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There's a place here in HK with an absolutely delish koshary that - along with the prerequisite lentils - has chickpeas. I'd love to replicate it, but all my searching has turned up a gazillion different ways of making such a simple dish...I'd rather go with something tried and true. Any tips/tricks/awesome recipes to share?

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  1. Any Koshary that I’ve ever had has lentils, chickpeas, rice, broken pieces of angle hair pasta browned first in butter. Topped with what I think is durkee style fried onions, a garlicky sauce and a tomato based super hot sauce.

    1. Hi. What's the name and location of the spot in Hell's Kitchen serving koshari? Thanks!

      2 Replies
        1. re: WCchopper

          yup it's Hong Kong i was talking about :)

      1. What is koshary? And where does it come from?

        2 Replies
          1. re: Chew on That

            It's not really street food per se, but it is sold very cheaply is special koshary restaurants that also do take out. They are actual sit-down restaurants where you get your condiments -- lemon and hot sauce -- to put on the koshary at the table. We call it a "salute to carbohydrates." Most of the koshary I've had here does have lentils, pasta and chickpeas, so I think that combo is pretty standard.

          2. I think what you're looking for is the COTM a few months back called Ottolenghi. Ottolenghi is a take-out place in London (actually at least 2 places) run by a Jewish guy and an Palestinian guy from Jerusalem. It's a wonderful cookbook.

            I've made koshary from their recipe several times with great success and would be glad to paraphrase is this is what you were looking for. Their recipe also includes a spicy tomato sauce to serve alongside.

            Unfortunately, Ottolenghi's cookbook isn't available in a U.S. edition so one must convert the measurements.

            Are you in Hong Kong? I don't know what else HK could stand for...probably a zillion things.

            1 Reply
            1. re: oakjoan

              oakjoan, I would LOVE a paraphrase of the Ottolenghi recipe -- my sister lived in Egypt briefly and loved koshary. I made it once for her and it was good (and used up every burner on the stove), but another recipe would be good to try.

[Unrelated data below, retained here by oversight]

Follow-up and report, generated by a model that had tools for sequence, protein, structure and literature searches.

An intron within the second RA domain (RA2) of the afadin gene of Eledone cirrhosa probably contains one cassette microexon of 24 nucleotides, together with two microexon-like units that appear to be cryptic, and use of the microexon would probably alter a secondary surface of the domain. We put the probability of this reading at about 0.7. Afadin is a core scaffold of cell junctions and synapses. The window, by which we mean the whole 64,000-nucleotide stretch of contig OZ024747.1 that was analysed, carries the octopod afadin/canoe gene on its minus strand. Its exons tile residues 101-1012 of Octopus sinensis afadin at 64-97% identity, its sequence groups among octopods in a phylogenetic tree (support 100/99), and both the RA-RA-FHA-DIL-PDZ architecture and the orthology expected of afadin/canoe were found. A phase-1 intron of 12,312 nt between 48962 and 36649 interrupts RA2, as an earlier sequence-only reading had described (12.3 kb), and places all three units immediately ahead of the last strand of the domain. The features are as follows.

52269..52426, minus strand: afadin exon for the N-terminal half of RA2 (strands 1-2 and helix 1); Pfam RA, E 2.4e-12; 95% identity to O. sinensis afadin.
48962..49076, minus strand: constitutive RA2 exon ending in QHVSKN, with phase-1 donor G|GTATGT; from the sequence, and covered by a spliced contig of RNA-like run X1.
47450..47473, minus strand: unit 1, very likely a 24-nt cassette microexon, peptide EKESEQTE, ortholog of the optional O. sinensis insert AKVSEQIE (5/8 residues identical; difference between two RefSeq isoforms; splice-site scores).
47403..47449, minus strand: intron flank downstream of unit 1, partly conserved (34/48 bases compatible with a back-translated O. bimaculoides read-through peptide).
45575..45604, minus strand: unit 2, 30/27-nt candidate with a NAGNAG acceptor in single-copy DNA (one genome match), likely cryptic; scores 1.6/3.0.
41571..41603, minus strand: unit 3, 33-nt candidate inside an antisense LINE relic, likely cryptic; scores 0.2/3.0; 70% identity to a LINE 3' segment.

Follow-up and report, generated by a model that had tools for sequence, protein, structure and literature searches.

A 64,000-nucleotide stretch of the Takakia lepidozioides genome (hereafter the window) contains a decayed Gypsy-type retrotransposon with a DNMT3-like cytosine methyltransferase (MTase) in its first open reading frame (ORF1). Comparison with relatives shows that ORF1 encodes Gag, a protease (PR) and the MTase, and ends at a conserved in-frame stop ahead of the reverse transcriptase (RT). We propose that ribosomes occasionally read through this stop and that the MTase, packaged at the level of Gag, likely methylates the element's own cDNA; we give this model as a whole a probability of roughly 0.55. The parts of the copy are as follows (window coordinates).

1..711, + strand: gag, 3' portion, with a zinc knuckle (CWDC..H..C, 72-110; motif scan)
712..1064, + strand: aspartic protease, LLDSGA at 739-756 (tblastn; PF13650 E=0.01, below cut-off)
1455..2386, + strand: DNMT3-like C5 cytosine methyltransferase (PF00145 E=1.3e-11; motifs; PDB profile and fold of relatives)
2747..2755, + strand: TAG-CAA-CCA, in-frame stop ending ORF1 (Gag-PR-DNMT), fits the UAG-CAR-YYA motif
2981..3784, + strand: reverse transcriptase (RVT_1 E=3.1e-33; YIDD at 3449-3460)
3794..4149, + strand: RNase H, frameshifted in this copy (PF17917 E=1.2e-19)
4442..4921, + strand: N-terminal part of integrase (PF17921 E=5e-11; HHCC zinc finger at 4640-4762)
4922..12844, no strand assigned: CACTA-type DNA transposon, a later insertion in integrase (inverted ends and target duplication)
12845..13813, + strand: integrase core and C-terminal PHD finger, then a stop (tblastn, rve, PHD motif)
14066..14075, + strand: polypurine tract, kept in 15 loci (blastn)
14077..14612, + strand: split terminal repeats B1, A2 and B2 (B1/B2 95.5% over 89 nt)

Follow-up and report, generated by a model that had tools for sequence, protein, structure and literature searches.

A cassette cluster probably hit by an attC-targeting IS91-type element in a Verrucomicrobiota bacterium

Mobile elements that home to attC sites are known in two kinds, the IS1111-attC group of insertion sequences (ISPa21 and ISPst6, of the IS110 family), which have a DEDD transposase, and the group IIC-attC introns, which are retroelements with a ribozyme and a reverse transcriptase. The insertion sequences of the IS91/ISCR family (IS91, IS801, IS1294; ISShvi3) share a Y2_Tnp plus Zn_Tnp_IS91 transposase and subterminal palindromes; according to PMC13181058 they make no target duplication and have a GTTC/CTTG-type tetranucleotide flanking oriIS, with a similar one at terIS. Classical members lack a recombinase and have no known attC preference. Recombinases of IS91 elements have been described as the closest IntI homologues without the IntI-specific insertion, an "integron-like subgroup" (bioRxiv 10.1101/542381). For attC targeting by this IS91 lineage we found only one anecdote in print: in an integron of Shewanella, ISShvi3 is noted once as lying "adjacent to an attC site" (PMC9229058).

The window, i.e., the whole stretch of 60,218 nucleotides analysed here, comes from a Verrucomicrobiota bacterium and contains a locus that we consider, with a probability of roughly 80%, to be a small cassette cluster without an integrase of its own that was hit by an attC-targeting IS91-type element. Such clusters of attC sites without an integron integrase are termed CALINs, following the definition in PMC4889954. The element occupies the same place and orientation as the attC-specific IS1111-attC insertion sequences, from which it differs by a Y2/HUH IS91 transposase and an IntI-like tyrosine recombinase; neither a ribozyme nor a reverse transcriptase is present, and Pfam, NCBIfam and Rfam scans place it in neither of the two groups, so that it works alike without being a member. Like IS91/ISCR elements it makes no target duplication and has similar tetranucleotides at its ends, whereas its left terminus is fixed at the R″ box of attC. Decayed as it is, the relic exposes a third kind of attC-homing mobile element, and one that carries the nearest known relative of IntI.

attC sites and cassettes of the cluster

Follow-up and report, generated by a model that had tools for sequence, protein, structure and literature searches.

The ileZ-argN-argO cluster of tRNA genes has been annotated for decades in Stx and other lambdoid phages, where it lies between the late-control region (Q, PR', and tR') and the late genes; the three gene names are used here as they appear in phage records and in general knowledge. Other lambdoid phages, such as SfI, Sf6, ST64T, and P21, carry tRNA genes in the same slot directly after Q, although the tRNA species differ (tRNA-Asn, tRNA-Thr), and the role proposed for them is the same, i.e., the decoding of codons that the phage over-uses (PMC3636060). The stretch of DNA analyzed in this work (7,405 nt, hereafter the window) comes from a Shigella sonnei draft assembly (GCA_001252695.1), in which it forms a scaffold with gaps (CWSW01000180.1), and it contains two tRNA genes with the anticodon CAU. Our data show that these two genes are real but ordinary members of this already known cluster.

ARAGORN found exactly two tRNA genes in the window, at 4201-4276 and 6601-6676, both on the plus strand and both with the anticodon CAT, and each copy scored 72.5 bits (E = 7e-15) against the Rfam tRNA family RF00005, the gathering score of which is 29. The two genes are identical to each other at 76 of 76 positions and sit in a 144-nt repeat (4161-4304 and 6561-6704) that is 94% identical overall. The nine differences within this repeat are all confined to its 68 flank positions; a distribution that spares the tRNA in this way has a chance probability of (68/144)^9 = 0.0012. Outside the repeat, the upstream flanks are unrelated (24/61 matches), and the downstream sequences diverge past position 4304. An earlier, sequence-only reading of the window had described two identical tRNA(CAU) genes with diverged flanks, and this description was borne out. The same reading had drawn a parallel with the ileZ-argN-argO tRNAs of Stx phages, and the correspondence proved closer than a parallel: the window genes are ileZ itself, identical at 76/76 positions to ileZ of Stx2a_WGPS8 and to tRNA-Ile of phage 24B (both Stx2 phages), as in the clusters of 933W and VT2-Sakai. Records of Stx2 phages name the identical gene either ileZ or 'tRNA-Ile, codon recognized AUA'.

2. My mother's kushari has white rice, small fried vermacilli, a boiled pasta, black lentils, chickpeas. The sauce is made by sauteeing garlic in oil or butter then adding tomato paste, water, salt and a dash of white vinegar and simmering for a bit.

              My mother layers all the rice ingredients in a shallow dish or bowl so it looks pretty. Serve sauce on the side and fried onions and hot sauce!

              Good stuff!!

              1. Gourmet posted this recipe about a year ago. I haven't made it yet so I don't know if it's any good (nor do I know how authentic it is), but it's something to try:

                4 Replies
                1. re: DougOLis

                  The carmalized onion and cinnamon and other spices don't seem authentic. Kushari is a rather simple dish with very minimal ingredients (peasant food)

                  That recipe is more like a mujadara, onions, rice and lentils, no mention of the sauce.

                  1. re: BamiaWruz

                    I've always had it with fried onions here in Cairo. Many people feel it's the best part! I'll agree that this recipe is koshary-ish!

                    1. re: roxlet

                      Yes I also had it with fried onions, too. They are hard, crisp reddisg brown fried onions, not soft caramelized onions.

                      I made it successfully at home several times but my recipe is a combo of ones I found online. For me the hot tomato sauce is important, too.

                      1. re: roxlet

                        Fried onions, yes, a must. Not so much carmalized where they're soft. They should be somewhat crispy/crunchy as far as I know from my egyptian mother.

                        Some arabic recipes I looked up said they soak the entire onion with peel in water for 30 mins, then cut and fry, makes it crunchy. Not sure how but that's what I read.


                  2. I had never heard of this dish before... but the ingredients are right up my alley. So I did a search. You're right, so many different recipes. But that makes sense for a homey/streetfood dish. Every cook probably has his/her own spin.

                    Can't wait to see what the Chowhounds come up with!